Singapore 2nd freest economy, 1st in labour freedom

Singapore remains the second freest economy in the world but ranks first in labour freedom in the 2010 Index of Economic Freedom compiled by the conservative Heritage Foundation and the Wall Street Journal. Labour freedom is used by the index to mean freedom to hire and fire workers. Singapore, described as "a nominally democratic state" in the report, scored 98.9 out of 100 for labour freedom and got an overall score of 86.1.

Hong Kong remained the world's freest economy with an overall score of 89.7 but only 87.4 for labour freedom. Australia is ranked third followed by New Zealand, Ireland, Switzerland, Canada, America, Denmark and Chile. You can download the full report here.

Singapore was ranked the second least corrupt country in the world, with a score of 92 out of 100, just one place behind New Zealand, which scored 93.


Singapore got its lowest marks for financial freedom, scoring only 50 out of 100, as "the government seeks to maintain the domestic bank share of deposits above 50 percent".

What the Index of Economic Freedom stands for is freedom for companies and investors to do business as they please — within the rule of law. The less the government regulation, the greater the economic freedom, according to the index, which supports limited government and freedom from corruption. It does not support heavy government spending. That is one reason why America dropped from sixth to eighth place — because of the economic bailouts by the Obama administration. The report says:

The U.S. government’s interventionist responses to the financial and economic crisis that began in 2008 have significantly undermined economic freedom and long-term prospects for economic growth.

Total government expenditures… are relatively high and rising rapidly. In the most recent year, government spending equalled 37.4 percent of GDP.

That is why America got a low score of 58 out of 100 for government spending.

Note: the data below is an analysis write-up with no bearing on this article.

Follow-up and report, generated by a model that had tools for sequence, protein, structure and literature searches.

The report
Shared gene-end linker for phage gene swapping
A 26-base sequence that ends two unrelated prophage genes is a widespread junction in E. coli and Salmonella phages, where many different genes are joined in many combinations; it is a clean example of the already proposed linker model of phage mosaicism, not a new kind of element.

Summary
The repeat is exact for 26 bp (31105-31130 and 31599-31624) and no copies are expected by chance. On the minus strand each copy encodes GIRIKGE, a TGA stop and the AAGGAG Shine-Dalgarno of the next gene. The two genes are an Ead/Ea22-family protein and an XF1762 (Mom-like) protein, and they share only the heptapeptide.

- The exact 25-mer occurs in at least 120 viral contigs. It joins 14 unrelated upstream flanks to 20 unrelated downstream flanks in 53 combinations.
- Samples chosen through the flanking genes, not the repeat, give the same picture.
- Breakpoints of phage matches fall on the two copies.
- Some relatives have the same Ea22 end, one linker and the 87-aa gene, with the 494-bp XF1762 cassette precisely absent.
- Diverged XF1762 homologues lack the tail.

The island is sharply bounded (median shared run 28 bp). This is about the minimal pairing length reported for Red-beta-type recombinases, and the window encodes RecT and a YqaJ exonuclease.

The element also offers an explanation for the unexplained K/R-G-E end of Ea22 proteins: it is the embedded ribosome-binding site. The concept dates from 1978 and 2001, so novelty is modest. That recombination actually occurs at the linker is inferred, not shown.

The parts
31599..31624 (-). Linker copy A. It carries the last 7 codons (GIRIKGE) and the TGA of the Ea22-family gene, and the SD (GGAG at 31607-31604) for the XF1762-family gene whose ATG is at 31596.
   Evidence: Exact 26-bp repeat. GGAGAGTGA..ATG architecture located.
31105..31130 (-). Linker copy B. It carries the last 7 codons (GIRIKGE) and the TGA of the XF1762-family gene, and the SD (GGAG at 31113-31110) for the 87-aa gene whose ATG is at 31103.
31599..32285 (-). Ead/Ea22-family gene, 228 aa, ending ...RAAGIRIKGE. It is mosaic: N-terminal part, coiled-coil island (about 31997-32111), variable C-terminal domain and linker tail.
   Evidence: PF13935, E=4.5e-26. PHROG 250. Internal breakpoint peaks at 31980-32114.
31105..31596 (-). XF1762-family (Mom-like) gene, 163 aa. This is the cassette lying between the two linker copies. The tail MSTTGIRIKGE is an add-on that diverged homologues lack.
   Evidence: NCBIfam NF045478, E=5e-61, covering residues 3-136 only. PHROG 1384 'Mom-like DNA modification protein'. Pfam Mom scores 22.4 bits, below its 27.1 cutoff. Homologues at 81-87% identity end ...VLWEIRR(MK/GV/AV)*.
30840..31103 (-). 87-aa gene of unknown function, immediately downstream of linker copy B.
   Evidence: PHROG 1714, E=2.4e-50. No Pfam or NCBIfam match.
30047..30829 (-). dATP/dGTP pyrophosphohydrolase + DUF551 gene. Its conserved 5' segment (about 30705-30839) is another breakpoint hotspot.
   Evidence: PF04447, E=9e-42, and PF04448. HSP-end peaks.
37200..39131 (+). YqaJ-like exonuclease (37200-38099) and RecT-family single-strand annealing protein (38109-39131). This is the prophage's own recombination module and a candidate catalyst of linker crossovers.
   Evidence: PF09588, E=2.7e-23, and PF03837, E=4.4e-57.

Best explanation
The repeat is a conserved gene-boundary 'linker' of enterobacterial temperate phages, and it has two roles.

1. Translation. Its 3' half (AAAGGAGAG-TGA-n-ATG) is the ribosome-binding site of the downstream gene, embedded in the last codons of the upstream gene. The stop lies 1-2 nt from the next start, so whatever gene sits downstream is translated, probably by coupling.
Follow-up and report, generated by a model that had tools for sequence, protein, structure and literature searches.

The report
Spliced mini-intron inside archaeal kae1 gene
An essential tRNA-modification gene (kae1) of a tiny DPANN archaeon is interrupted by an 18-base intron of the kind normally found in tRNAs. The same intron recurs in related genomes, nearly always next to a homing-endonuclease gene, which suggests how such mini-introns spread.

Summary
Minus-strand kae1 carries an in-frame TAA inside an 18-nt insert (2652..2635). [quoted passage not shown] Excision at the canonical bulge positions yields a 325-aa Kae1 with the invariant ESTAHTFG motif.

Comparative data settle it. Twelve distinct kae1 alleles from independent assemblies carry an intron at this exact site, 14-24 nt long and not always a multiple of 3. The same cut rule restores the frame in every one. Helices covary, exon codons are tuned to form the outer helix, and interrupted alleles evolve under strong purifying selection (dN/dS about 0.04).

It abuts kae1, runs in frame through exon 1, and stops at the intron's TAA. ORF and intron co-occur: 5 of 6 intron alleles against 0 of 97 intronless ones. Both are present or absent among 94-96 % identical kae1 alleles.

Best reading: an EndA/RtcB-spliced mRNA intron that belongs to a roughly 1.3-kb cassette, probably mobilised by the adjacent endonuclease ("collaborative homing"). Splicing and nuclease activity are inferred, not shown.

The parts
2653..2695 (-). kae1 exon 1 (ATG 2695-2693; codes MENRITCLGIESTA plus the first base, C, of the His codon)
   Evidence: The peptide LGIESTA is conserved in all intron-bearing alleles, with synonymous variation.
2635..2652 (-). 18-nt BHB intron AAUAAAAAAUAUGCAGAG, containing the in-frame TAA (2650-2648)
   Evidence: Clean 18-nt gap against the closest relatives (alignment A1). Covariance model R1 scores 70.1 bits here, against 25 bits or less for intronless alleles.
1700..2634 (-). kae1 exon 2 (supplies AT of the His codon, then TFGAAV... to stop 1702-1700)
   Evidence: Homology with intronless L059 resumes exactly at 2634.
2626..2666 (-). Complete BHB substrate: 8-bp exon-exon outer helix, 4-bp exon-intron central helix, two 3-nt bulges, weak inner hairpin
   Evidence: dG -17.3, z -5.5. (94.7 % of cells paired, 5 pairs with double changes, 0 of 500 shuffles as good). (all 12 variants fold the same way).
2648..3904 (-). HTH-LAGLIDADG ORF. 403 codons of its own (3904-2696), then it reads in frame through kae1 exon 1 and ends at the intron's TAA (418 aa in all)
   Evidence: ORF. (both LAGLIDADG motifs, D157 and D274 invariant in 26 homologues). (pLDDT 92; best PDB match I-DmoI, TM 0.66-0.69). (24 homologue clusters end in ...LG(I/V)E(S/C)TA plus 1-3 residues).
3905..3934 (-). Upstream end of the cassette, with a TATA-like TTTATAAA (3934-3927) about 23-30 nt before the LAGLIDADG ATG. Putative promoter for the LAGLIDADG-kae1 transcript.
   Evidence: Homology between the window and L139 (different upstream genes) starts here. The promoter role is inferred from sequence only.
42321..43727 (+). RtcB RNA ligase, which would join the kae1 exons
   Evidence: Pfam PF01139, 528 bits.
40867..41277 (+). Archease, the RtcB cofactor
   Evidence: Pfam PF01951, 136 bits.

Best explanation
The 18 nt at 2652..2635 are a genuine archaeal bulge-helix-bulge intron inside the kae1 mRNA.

Singapore, in contrast, with government spending equalling just 12.5 percent of the GDP, according to the report, got 95.3 out of 100.

The index gives each country a score of 0 to 100 on 10 counts — business freedom, trade freedom, fiscal freedom, government size, monetary freedom, investment freedom, financial freedom, property rights, freedom from corruption and labour freedom. The 10 component scores are then averaged to give an overall economic freedom score for each country.

Here is the full report on Singapore:

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Hope over fear, Singapore!

There is every reason to believe the Singapore government will choose hope over fear when it unveils this year's budget tomorrow.

The rose-coloured spectacles have fallen off at last that induced officials to think the economy might still grow this year, despite the global downturn.

Now the economy is expected to shrink sharply, by two to five percent, this year, says the Ministry of Trade and Industry, which only two weeks ago was predicting between one percent growth and a two percent decline in the economy.

It is astonishing how a smart government like Singapore's with a reputation for economic acumen could get things so wrong that it had to change its annual economic forecast only two weeks after making the prediction.

But the government has come out of denial now — and prepared to confront whatever the future holds, no matter how dark and uncertain it seems.

The hope now

And that gives hope. Bloomberg reports today:

Singapore said its economy may shrink an unprecedented five percent this year, fanning speculation the government will announce record spending in its budget tomorrow to help companies hurt by the global recession.

Finance Minister Tharman Shanmugaratnam may outlay as much as 20 billion Singapore dollars ($13.3 billion), or eight percent of the gross domestic product, to help households and businesses survive the slump, Macquarie Capital Securities predicts. The government may also say it plans to tap into its reserves for the first time to fund its expenditure.

As Franklin Delano Roosevelt said long ago: "The only thing we have to fear is fear itself."

Singapore's leaders, who include scholars and meritocrats, will be familiar with the quote — and know, from experience, that it's the truth.

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